CAP's manufacturer relationships manager Martin Ward scours the globe for the week's insider fleet intelligence.
Down to Kettering to have a drive in the new Mercedes-Benz C-Class Estate, which is 55mm longer than the saloon and due in showrooms next week.
Since the current C-Class Estate was launched in 2001 it has ranged in sales volumes from 2,700 per annum to its highest in 2003 of 4,815.
Mercedes Benz expects similar figures for this all-new model.
The current C-Class is heavily weighted towards the automatic, which accounts for 93% of sales.
But Mercedes-Benz is expecting manual sales to rise as Hill Start Assist is now standard on all manual cars.
The tailgate is power operated on all models, which is a nice touch and very useful.
The estate costs £1,200 more than the saloon, but hangs on to around £700 of this after three years and 60,000 miles.
The one to have, like the saloon, will be the Sport version.
Drove 490 miles from Huddersfield to Hasselt, on the Belgium/Holland border, in a Ford S-MAX 2.0 TDCi Zetec.
What a pleasure it was to drive that distance in such a short time.
There was not a squeak or rattle from anywhere in the car, it was extremely comfortable and it achieved 43.1mpg, which is a good result considering most of the journey was on motorways.
The interior fit and finish is particularly good, with quality to a high standard.
The S-MAX has been on the market since June 2006, but this was the first opportunity to drive one since the original press launch, and it was every bit as good as I remembered.
It is a full seven-seater, but there is limited space in the luggage compartment when the third row of seats is being used. But with seats folded down, the boot is huge.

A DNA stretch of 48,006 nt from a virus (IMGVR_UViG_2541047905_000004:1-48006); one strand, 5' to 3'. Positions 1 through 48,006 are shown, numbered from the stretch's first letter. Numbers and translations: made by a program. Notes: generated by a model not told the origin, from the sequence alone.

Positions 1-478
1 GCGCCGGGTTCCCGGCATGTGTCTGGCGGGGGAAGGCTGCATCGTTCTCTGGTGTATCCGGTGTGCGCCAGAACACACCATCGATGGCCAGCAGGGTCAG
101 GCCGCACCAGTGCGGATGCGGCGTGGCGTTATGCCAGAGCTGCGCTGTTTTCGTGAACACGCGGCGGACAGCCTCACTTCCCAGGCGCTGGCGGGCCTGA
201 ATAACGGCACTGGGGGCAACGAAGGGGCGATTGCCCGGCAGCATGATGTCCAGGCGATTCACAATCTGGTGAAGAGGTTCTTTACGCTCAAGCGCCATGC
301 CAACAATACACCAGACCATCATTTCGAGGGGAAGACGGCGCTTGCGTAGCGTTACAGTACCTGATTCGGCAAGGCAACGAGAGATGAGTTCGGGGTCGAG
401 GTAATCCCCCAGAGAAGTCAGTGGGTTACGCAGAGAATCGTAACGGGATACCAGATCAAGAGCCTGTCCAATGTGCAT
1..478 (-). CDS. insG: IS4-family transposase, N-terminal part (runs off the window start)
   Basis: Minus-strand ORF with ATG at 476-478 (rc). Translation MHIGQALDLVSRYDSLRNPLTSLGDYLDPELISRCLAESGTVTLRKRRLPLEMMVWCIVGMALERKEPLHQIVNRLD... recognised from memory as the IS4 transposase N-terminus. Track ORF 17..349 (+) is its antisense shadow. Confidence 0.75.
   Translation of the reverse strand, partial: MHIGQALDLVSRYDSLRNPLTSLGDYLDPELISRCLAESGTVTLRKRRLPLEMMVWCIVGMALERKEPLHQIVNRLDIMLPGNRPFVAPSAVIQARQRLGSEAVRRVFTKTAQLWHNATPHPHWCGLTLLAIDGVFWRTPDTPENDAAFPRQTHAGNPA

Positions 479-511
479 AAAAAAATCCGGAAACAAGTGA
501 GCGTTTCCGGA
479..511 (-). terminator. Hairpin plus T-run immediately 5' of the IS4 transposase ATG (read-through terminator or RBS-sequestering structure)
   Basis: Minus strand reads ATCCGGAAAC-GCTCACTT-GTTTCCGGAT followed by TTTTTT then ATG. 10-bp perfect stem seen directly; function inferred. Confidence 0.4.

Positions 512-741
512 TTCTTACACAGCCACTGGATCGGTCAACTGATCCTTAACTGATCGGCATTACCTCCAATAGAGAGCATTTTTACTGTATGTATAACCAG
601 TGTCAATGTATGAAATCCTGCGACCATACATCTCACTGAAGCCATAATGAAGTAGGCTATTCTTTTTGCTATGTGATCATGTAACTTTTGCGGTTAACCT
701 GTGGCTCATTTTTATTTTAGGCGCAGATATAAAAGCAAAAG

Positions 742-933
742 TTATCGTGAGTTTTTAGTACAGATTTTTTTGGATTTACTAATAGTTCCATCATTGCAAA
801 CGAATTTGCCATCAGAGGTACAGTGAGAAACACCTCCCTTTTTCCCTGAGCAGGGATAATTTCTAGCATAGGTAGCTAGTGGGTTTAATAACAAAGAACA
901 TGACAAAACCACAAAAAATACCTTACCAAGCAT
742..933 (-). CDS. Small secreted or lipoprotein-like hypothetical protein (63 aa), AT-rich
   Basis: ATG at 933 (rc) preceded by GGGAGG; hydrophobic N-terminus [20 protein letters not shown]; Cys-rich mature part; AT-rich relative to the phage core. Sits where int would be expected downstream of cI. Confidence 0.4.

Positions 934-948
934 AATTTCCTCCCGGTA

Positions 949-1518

One annoying feature is reflection in the windscreen from the top of the dashboard, especially when driving into the sun.
The S-MAX is to get improvements from March 3 production – the LX is being replaced with the Edge, all models will get Bluetooth as standard, the Titanium will get a solar reflecting windscreen, ambient interior lighting and chrome door handles and lower grille.
Drove the S-MAX the short distance from Hasselt to Ford’s proving ground at Lomell to have a look at the all-new Kuga.
This is Ford’s first serious attempt at the 4x4 crossover SUV market, and it sees its main competition as the Toyota RAV4, Honda CR-V and Volkswagen’s new Tiguan.
The Kuga will be launched with a very simple line-up – one engine, a 2.0 TDCi, and two trim levels, Zetec and Titanium.
Ford has been brave with the design, both externally and internally, and by starting with a clean sheet of paper it has managed to create a stunning-looking 4x4 that should appeal to non-Ford drivers.
The cars we saw were pre-production, but as close to the finished product as you can get.
The quality appeared to be very high and probably the best Ford has produced to date.
The Kuga goes on sale in June with prices from £20,495.